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Doris writes a weekly column for LaGaceta, the nation's only trilingual newspaper, which has pages in English, Spanish, and Italian.  Begun in 1922 for Tampa's immigrant community, it continues to thrive more than a century later.  Her column is titled "In Context," as it aims to put contemporary issues in the context of the past.

Morality Plays, Past and Present

We somehow missed the annual rerun of Charlie Brown’s Christmas show, but we have watched it so often that we know almost every word about his sad little tree and his frustrating attempt to direct a Christmas pageant. We did see the Grinch again trying to steal holiday joy from Who Ville and then repenting of his meanness, and it made me think about literature’s roots as morality plays. Long before the Grinch tried to ruin life for Little Cindy Lou Who – indeed, dating all the way back to pre-Christian days -- the great Greek playwrights used the medium of drama to raise questions of right and wrong.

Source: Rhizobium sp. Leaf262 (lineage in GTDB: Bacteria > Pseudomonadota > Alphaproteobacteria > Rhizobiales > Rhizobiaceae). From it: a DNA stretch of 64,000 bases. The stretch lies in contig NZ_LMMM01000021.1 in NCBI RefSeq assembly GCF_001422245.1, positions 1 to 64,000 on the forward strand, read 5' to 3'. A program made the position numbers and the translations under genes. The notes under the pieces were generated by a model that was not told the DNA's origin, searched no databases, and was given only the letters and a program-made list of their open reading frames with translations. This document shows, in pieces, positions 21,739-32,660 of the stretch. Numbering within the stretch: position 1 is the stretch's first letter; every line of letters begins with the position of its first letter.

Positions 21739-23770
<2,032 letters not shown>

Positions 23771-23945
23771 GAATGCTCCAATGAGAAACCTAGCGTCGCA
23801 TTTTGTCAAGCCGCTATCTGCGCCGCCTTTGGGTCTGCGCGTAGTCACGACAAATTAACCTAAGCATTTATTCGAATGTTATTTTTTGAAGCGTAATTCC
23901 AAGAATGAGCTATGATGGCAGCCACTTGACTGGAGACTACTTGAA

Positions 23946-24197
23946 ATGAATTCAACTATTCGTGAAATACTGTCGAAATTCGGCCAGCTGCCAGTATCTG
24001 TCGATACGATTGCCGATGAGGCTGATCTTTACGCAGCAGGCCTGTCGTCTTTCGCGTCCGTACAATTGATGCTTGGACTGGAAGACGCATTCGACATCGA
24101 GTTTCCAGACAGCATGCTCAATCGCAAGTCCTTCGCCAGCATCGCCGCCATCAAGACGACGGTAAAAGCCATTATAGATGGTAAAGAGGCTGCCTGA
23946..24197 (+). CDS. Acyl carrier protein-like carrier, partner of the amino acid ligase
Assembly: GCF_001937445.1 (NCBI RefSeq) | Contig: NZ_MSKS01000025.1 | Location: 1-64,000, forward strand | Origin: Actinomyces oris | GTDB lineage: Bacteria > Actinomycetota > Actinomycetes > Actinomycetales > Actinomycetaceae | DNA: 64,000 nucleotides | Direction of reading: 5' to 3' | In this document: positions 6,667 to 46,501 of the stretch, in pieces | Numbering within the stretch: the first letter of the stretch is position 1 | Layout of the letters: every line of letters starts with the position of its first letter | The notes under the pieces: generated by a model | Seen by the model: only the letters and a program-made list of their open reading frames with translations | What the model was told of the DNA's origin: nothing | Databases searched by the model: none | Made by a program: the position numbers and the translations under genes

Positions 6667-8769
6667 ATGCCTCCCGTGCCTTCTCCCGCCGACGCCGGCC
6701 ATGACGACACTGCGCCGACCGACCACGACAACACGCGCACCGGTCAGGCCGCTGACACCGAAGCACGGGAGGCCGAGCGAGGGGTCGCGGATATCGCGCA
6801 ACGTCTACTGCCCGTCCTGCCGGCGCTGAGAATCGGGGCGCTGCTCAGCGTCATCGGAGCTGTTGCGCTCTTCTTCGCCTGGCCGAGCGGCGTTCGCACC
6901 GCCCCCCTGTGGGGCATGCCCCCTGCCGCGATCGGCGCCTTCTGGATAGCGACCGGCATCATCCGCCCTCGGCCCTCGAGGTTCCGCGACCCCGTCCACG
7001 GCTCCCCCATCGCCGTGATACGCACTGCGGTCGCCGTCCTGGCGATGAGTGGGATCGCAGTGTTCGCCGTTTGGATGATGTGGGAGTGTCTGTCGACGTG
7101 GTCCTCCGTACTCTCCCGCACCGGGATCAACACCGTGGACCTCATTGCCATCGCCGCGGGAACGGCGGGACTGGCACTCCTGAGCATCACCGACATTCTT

The onstage battle between good and evil is especially true of Aeschylus and his “Agamemnon,” Euripides’ “Electra” and “The Trojan Women,” as well as Sophocles’ “Antigone” and “Oedipus Rex.” If you haven’t thought about these plays since your school days, make it a New Years’ resolution to read them now. They contain eternal truths, and one could spend one’s time in many less meaningful ways. Note also the strong presence of female protagonists and a focused feminism that was more evident two-thousand-plus years ago than now. As I’ve said before, progress is not inevitable.